How are index funds and exchange-traded funds different?


Q. What’s the difference between an index fund and an exchange-traded fund?
— Investor

A. We love when someone wants to get a better understanding of investments.

Both index funds and most exchange-traded funds, or ETFs, are low-cost funds that use a passive index investing strategy.

That means that they track an underlying index, said Jody D’Agostini, a certified financial planner with Equitable Advisors/The Falcon Financial Group in Morristown.

This can give the investor an easy way to diversify and start the process of building wealth, she said.

“They give you exposure to hundreds of securities or even more depending upon which index they are tracking,” she said. “Diversification reduces risk and therefore aids in avoiding large market corrections.”

D’Agostini said passive investments have outperformed most active managers over time, although there are still some managers that consistently beat their underlying benchmark.

Equity index funds have average expense ratios of 0.07% and equity index ETFs have average expense ratios of 0.18%, much less than most actively-traded funds.

Let’s talk about the differences.

“ETFs can be traded throughout the day like stocks during the trading session. Their price fluctuates throughout the day as they are bought and sold,” she said. “Index funds can only be purchased at the close of the market, so the price only changes once per day.”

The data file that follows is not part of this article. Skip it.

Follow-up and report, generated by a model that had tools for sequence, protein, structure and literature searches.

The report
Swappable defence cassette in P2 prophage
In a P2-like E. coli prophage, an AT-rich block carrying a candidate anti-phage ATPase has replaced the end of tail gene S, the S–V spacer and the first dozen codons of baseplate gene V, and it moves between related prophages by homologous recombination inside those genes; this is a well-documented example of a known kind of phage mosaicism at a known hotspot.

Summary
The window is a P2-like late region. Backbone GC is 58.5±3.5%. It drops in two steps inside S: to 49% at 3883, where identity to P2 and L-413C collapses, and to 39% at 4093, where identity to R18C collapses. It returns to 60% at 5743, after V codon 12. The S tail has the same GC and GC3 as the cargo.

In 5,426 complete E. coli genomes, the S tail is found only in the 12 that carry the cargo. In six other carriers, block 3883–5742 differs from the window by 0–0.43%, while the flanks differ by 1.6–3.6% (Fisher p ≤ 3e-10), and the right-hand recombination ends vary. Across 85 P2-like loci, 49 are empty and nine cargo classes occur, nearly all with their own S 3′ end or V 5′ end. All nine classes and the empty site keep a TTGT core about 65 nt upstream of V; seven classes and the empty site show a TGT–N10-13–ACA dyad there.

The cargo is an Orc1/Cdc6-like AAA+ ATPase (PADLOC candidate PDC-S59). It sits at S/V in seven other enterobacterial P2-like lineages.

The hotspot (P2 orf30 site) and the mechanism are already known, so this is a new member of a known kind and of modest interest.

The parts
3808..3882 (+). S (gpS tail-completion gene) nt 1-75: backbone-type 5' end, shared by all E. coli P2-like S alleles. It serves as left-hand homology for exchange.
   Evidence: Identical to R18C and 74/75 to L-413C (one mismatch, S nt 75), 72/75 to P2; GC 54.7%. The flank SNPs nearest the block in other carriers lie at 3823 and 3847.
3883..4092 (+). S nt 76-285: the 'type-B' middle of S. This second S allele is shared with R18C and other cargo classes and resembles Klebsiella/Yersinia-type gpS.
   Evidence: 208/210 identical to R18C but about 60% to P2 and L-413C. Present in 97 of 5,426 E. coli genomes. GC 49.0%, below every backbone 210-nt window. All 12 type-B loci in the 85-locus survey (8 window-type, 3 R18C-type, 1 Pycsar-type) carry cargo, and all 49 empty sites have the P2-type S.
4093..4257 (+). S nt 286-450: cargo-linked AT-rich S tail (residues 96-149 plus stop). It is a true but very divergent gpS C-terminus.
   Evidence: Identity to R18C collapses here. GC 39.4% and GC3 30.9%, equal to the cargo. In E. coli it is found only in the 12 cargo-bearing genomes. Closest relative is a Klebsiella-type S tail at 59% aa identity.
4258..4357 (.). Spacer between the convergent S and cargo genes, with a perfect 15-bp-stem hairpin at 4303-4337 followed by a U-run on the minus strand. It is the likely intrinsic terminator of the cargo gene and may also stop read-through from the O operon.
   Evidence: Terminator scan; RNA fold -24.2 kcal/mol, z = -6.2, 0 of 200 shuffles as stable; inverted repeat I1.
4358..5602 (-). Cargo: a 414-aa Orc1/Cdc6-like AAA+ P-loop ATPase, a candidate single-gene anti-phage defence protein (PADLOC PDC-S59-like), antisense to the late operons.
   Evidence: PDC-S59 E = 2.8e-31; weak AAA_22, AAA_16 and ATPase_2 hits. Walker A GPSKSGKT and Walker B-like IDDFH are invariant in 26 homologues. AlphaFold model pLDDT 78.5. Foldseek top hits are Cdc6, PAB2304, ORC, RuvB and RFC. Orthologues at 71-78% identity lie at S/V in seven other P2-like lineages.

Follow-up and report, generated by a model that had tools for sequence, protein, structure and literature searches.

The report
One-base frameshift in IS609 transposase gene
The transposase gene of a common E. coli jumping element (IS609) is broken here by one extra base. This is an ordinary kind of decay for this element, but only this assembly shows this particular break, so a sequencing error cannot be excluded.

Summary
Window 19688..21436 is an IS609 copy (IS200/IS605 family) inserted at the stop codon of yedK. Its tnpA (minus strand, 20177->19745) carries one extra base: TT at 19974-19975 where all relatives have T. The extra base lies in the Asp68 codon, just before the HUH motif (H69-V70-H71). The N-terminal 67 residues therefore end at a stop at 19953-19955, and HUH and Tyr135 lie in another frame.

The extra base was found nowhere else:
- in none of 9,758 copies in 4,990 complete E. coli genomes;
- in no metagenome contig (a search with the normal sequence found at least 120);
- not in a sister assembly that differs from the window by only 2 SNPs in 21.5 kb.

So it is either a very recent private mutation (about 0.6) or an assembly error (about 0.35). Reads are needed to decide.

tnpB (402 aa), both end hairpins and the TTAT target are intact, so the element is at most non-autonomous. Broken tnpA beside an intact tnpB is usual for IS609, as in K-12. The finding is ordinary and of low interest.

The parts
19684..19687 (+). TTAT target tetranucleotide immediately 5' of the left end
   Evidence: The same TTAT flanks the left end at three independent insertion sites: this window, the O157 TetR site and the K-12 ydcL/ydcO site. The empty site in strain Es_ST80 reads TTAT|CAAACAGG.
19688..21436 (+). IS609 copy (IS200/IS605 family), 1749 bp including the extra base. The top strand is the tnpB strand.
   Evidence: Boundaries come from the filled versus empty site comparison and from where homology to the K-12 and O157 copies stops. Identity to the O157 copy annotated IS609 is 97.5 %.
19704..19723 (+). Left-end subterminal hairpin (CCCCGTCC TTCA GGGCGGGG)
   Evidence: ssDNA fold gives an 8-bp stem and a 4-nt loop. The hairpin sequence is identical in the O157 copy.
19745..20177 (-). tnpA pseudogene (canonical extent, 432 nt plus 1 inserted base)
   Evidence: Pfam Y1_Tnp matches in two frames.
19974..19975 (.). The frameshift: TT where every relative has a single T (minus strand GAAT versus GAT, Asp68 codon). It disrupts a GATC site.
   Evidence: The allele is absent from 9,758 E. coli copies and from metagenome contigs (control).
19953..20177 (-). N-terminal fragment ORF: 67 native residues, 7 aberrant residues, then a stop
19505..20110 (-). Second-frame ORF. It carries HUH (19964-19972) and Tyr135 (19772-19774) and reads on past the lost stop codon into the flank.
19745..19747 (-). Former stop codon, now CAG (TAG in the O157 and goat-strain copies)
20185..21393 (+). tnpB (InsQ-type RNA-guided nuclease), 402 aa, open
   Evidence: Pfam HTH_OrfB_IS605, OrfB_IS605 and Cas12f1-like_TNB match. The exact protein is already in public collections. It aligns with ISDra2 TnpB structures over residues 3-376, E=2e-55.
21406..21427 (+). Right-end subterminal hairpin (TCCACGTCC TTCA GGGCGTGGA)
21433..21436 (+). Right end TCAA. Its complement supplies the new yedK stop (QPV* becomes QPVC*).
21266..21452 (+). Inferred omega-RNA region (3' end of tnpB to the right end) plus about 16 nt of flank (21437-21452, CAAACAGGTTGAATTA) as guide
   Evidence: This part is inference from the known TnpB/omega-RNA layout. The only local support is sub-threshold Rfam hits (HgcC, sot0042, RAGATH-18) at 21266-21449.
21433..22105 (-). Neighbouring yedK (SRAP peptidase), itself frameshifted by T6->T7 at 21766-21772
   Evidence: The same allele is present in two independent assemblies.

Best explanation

Taxation is another difference.

While both kinds of funds are tax-efficient, ETFs are generally more so, she said. If you sell an ETF, you will pay capital gains on any gain you have realized. The index fund buys and sells assets to mirror the underlying index. The cost of this is adjusted from the fund portfolio net asset value (NAV), she said.

Another difference is the minimum investment requirements. There is no minimum to purchase an ETF, but there likely is for an index ETF fund. Some of these could be removed if you make systematic payments to your account, she said. You can buy fractional shares of an index fund as well. It is priced to the NAV for the day of your purchase. Most ETFs do not have this functionality, she said.

Also note that ETFs are rarely an option in any 401(k) plan, whereas index funds and actively-managed funds are generally the investments of choice, she said. IRAs are a different matter as most investments are available to the consumer, including ETFs.

Depending upon where you purchase the ETF, you may be able to buy without paying a commission. ETFs also lack any load — or commission — fees, she said.

Before you buy, you should look beyond just the annual expense ratio to see if there are any commissions or sales load fees charged by a comparable index fund, D’Agostini said.

“There are many no-load funds, but there are some that have front-end loaded fees, and some that have back-end loaded fees,” she said, so just make sure you know what you’re buying.

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This story was originally published on May 19, 2022. presents certain general financial planning principles and advice, but should never be viewed as a substitute for obtaining advice from a personal professional advisor who understands your unique individual circumstances.